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Surviving itchy days with the eczema community

Helen Piña, a social media-savvy eczema warrior and blogger, walks us through the various platforms she uses for engaging with the eczema community.

Surviving itchy days with the eczema community

I’m a chronic eczema warrior, and many times, I’ve felt confused and alone.

Luckily, I’ve found emotional outlets to support me through my eczema journey. Social media platforms are full of eczema groups, forums and influencers that provide support 24/7.

You are not alone

Whether you are dealing with eczema or have a loved one with eczema, there are many eczema communities to help you learn, feel supported and vent when you need it.

It’s comforting just knowing that others are on a similar skin journey and that you are not alone. Also, keeping in touch with the community lets you see what others have tried and helps you keep up with the eczema industry.

Express yourself

Online forums also provide an outlet for discussing your eczema without overwhelming your loved ones. I needed an outlet specifically for discussing my skin so that my relationship with my partner didn’t revolve around my eczema.

Four years ago, I started a personal skin allergy and eczema blog (Itchy Pineapple) as a therapeutic journaling medium with the hopes that it would also help fellow eczema fighters. Indeed, the best part for me has been the many people that have contacted me to either ask for support or offer advice.

Find your tribe

My favorite online eczema communities are on Instagram, Reddit, Twitter and Facebook, and I use them for different purposes. My activity ranges from from reading and following to commenting and posting.

If you are hesitant to post publicly, you can send direct messages to individuals or even post anonymously on certain platforms. I created social media accounts specifically for my blog’s brand, but many people post from their personal accounts; either is fine. Below is a summary of the online communities I follow and how I engage on them.

I use Instagram to post photos of my skin during good and bad days, and to be exposed to other eczema journeys by following eczema influencers and hashtags.

Tip: search “eczema” and specific hashtags and organizations to follow, such as:

@nationaleczema

#eczema

#eczemaproblems

I use Twitter to vent in a burst of limited characters.

Note: There are many eczema accounts available to follow, so search and follow your favorite. Trending hashtags include:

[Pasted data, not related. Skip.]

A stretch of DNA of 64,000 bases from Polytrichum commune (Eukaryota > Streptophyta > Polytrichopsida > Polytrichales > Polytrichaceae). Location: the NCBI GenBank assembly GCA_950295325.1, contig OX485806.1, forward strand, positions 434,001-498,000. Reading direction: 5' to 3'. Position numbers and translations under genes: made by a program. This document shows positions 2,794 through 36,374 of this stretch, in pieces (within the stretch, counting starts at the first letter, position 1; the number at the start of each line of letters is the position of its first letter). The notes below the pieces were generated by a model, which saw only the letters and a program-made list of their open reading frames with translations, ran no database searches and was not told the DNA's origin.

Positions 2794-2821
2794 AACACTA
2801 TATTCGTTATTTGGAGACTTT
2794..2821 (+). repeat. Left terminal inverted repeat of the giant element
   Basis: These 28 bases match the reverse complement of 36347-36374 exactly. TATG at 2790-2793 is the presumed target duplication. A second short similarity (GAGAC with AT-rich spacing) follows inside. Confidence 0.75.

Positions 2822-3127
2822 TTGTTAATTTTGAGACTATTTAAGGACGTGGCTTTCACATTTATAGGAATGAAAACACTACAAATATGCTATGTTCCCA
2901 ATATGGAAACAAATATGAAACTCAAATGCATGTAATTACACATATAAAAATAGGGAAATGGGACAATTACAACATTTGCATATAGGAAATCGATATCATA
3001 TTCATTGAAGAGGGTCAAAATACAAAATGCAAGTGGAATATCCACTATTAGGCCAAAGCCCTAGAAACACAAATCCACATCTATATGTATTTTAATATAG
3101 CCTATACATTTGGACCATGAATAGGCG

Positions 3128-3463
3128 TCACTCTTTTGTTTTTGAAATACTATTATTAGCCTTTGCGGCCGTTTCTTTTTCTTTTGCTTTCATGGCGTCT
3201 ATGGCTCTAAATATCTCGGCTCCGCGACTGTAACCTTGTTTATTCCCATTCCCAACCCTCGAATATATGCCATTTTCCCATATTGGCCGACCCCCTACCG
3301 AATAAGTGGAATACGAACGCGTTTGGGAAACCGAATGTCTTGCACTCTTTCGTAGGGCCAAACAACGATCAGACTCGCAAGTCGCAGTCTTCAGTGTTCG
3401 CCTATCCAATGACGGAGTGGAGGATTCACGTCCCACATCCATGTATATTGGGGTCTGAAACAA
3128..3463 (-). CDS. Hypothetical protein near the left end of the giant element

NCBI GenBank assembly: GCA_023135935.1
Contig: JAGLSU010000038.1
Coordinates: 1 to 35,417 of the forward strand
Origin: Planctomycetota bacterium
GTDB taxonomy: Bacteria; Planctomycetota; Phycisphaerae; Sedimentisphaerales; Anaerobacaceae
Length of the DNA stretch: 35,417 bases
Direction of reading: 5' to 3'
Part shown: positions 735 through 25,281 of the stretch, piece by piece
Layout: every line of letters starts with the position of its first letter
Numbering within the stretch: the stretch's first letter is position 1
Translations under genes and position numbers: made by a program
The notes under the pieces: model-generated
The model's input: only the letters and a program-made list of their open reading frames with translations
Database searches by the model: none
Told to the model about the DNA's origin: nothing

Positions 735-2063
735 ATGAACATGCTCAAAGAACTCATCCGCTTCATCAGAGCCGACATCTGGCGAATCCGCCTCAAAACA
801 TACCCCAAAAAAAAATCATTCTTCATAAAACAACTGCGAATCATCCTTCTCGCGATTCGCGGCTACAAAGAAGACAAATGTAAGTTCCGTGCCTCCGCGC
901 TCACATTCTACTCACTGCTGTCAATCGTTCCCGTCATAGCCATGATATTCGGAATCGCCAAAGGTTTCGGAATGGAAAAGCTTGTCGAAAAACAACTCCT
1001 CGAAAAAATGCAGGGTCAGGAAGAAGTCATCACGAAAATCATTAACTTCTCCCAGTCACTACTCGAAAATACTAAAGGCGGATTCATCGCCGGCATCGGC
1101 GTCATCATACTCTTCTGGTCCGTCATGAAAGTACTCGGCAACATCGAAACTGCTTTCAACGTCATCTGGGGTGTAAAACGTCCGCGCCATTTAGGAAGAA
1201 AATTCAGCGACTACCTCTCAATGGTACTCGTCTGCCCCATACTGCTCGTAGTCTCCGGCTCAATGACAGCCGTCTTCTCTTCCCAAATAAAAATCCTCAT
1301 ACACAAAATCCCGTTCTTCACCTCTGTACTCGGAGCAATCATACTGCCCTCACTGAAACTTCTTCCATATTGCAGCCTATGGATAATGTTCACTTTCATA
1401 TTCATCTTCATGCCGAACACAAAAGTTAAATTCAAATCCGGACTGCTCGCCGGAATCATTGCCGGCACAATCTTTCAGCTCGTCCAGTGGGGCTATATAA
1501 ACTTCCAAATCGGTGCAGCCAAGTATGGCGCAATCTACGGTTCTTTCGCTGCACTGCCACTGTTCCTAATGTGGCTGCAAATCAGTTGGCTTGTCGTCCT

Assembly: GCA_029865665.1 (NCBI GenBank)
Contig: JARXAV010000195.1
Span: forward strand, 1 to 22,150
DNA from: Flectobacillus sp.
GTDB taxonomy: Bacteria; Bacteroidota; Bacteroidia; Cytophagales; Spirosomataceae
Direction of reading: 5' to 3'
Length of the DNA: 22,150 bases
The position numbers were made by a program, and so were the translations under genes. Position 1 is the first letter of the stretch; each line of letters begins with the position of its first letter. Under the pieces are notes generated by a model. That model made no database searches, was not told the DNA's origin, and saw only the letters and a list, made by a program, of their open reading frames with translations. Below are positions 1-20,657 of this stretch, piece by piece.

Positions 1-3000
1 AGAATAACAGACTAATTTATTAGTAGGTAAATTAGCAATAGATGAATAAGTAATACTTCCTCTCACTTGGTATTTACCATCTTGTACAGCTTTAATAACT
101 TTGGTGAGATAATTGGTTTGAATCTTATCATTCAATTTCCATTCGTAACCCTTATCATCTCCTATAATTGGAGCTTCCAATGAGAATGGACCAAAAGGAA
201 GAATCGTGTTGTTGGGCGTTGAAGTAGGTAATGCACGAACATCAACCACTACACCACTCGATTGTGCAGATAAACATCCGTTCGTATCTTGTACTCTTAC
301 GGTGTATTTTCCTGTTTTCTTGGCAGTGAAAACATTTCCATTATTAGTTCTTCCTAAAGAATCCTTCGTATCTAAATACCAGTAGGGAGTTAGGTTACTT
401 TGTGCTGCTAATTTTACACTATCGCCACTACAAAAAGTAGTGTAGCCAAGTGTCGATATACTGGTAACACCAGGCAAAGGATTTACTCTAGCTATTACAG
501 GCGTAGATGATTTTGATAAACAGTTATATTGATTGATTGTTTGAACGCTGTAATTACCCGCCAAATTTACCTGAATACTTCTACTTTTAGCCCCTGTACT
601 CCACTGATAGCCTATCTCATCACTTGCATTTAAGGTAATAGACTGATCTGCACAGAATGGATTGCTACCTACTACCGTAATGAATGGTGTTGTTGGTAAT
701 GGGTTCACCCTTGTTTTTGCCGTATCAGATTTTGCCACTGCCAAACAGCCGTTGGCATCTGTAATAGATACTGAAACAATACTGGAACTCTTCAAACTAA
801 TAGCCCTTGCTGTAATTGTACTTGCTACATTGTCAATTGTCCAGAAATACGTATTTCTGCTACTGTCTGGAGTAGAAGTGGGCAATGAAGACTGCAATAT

#eczema

#eczemaproblems

Facebook groups are similar to Instagram but with more Q&A opportunities. These groups help me keep up with the eczema industry and thoughts on the latest eczema medications.

Tip: There are many Facebook eczema groups available, some of which are focused on a specific topic (e.g., TSW, medications), so select the ones most relevant for you.

Eczema Support Group

Atopic Dermatitis/Eczema

I use Reddit to get swarmed with support or find answers to questions. I engage with the eczema and skincare subreddits when I need help.

Note: Reddit is an anonymous forum.

r/eczema

r/skincare_addiction (people mostly post about acne, but it’s a popular skin forum and helpful to those who post about eczema)

Blogs: I write on my own blog, but there are many eczema blogs available and I enjoy reading relevant and insightful content. Tip: If you enjoy certain eczema influencers on social media sites, check to see if they have a blog.

National Eczema Association’s Blog

Use Caution

As with all things on the internet, take everything you read with a grain of salt.

Get confirmation from your doctor before taking advice from someone else or coming to a conclusion based on what you read.

If you communicate with others online, be prepared to engage with opinionated people who may disagree with your approach.

Helping yourself helps others

What’s great about interacting with the eczema community online is that your engagement helps others. It’s a win-win situation when you collaborate with fellow eczema warriors.

For example, if you ask a question and get answers, it’s very likely that those answers helped someone else.

If you are having a bad skin day and vent online, it could help someone else who is also having a bad skin day and no longer feels alone.

From online to in-person

Online eczema community activities can lead to in-person engagements. I’ve met with a few of my local blog readers after they reached out when they were going through a tough time and realized we were in the same city.

What if online communities aren’t for you? Then find your support network elsewhere. The National Eczema Association hosts an annual Eczema Expo, which is a great opportunity to meet others on a similar skin journey. I find it quite special to be able to share eczema stories in person with fellow eczema warriors.

As you hear about other people in or near your network that have eczema, reach out to them. These folks could be your family, friends, coworkers, acquaintances or strangers.

One eczema warrior is a source of strength for another, so don’t take this journey on your own.

 

Helen Piña is the creator of the Itchy Pineapple blog and can also be reached on Instagram, Twitter and Facebook.

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